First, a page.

Review of The Crucible from Flick Philosopher

This review addresses one of the questions I’ve had about this production — which is how all of the flickering movement of Richard Armitage’s face, seen in closeup, works on the stage.

It causes me to ask again, but leaves open, a question that I’ve been asked many times, which is whether one should familiarize oneself with the play before seeing it. I’ve been telling people not to read it, but this review tends to suggest the reviewer might have been better served if the assumption that the play had anything much to do with the 1690s had been cleared away before seeing it. I wrote about this a lot in the weeks before the play. It’s definitely a play of the misogynist 1950s, and one can’t escape the feeling, after reading his autobiography and most important biography, that Miller was not only a product of his period but a significant chauvinist all on his own.

[ETA: and as I said at length, I agree that Miller’s reading of events of the 1950s was facile — and have learned since that critics at the time made that assessment as well.]

[ETA: the blogger is apparently extremely defensive and condescending, so comment with care.]

~ by Servetus on July 15, 2014.

26 Responses to “Review of The Crucible from Flick Philosopher”

  1. Hmmm…. interesting write-up!

    This makes me wonder if had the play been a continuation of Abigail’s tale – and not a switched over to Proctor’s perspective – whether my British colleague would have stayed more interested in The Crucible.

    He cited the Abigail / Proctor scene in Act 1 as engrossing – then found Act 2 (Proctor’s home) uninteresting… and left at intermission as a result. 😦

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    • Armitage made a not-very-lucid remark about British viewers seeing the play differently yesterday in an interview. If you’re not at all interested in the “pointing fingers / naming names/” and for lack of a better word “witch hunt” themes of the piece, I can see why the play would be a hard sell.

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  2. I don’t agree with a lot of her comments about the play, but I do agree with her that RA is an extremely good member of a very fine cast, but not being able to see his micro expressions does make a difference. I saw it last night with huge expectations and while I really, really enjoyed it I wasn’t bowled over by RA in person as I had expected to be. And I was in the second row, so I couldn’t have been much closer. We have been so spoiled by all those close ups of his beautiful face…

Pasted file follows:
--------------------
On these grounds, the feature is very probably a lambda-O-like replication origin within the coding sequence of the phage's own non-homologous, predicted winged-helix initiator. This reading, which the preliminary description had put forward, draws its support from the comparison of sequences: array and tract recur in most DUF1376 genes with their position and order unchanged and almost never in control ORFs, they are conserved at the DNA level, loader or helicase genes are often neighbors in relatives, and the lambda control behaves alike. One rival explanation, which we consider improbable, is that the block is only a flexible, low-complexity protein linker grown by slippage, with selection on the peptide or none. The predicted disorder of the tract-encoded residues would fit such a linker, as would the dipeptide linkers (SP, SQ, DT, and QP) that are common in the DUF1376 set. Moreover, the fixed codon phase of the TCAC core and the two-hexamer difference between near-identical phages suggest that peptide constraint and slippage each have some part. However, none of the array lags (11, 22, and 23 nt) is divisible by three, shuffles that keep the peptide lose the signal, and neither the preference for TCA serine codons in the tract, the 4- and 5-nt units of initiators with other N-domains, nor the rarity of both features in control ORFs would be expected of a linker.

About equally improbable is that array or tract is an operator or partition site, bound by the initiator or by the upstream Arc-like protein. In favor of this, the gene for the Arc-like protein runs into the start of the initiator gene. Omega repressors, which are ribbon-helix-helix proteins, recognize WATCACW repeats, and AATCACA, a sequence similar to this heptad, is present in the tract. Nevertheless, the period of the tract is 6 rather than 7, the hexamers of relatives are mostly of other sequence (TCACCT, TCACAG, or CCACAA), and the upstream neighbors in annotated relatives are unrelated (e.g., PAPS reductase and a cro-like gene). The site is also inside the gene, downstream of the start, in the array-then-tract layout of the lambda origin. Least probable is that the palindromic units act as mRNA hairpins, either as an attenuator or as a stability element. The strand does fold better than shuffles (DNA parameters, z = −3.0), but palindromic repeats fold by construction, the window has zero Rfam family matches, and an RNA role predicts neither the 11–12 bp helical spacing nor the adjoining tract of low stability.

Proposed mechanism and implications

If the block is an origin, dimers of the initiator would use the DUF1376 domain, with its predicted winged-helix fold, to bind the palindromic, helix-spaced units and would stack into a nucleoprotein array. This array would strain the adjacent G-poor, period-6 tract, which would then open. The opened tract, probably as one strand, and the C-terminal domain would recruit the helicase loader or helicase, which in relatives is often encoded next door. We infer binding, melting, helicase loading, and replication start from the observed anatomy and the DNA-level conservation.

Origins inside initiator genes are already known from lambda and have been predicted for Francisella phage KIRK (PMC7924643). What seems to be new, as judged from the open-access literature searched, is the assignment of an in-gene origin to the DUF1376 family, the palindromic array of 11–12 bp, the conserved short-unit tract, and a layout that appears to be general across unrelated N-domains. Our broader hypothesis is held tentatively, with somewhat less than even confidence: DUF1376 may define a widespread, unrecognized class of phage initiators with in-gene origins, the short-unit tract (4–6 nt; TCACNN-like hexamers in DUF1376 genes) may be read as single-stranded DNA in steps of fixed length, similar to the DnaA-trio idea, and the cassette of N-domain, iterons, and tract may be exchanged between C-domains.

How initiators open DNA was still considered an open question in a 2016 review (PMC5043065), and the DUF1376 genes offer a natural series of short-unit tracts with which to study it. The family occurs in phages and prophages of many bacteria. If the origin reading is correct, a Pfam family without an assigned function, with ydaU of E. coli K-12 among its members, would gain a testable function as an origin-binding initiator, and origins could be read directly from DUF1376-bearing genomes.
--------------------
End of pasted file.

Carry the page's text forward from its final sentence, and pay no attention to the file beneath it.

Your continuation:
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    • She said she didn’t know anything about the play before she went, and the truth of that statement was only underlined as the discussion continued. That said, it only makes sense that the microexpressions would not be visible in a theater setting and the question is what he does to make up for that.

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      • Well there’s no doubt it’s a masterly performance, and we all know what a physical actor he is and this production certainly makes full use of that. And of course he’s also wonderful even when still, and there were times when I just couldn’t tear my eyes from his profile as he observed the action. But nothing quite makes up for not being able to see the expression in his eyes as you can on the screen.

        Strangely enough the most touching moment for me was when he took his lone curtain call, gave us a very sweet smile at the roar of applause, and made the most balletic gesture with his hands to each side of the stage. Exquisite.

        I didn’t go to the stage door, which I regret, because I was with a friend (not an RA addict, though he agreed he’s awfully handsome!) who wanted to get straight home.

        I am starting to plot whether I can see it again though… But I’m slightly dismayed to see The Old Vic has put up the price of the tickets since I booked mine! I didn’t think theatres did that…

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        • Scrub the comment about the ticket prices… I was looking at a booking agency site by mistake.

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          • re prices: I’d heard this rumor yesterday (price hike over against current prices) but was unable to verify, so glad to get the confirmation. But they are more expensive than the preview prices were, that’s true.

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  3. Servetus, I have a question. Do you think some of RA not standing out is intentional. I wondered whether Farber likes an ensemble more than play with a star. I know they definitely highlighted RA as a star leading up to the start of the play but I wondered if that was because she needed to to get funding. I’m not expressing my question well but do you get the gist of what I’m asking?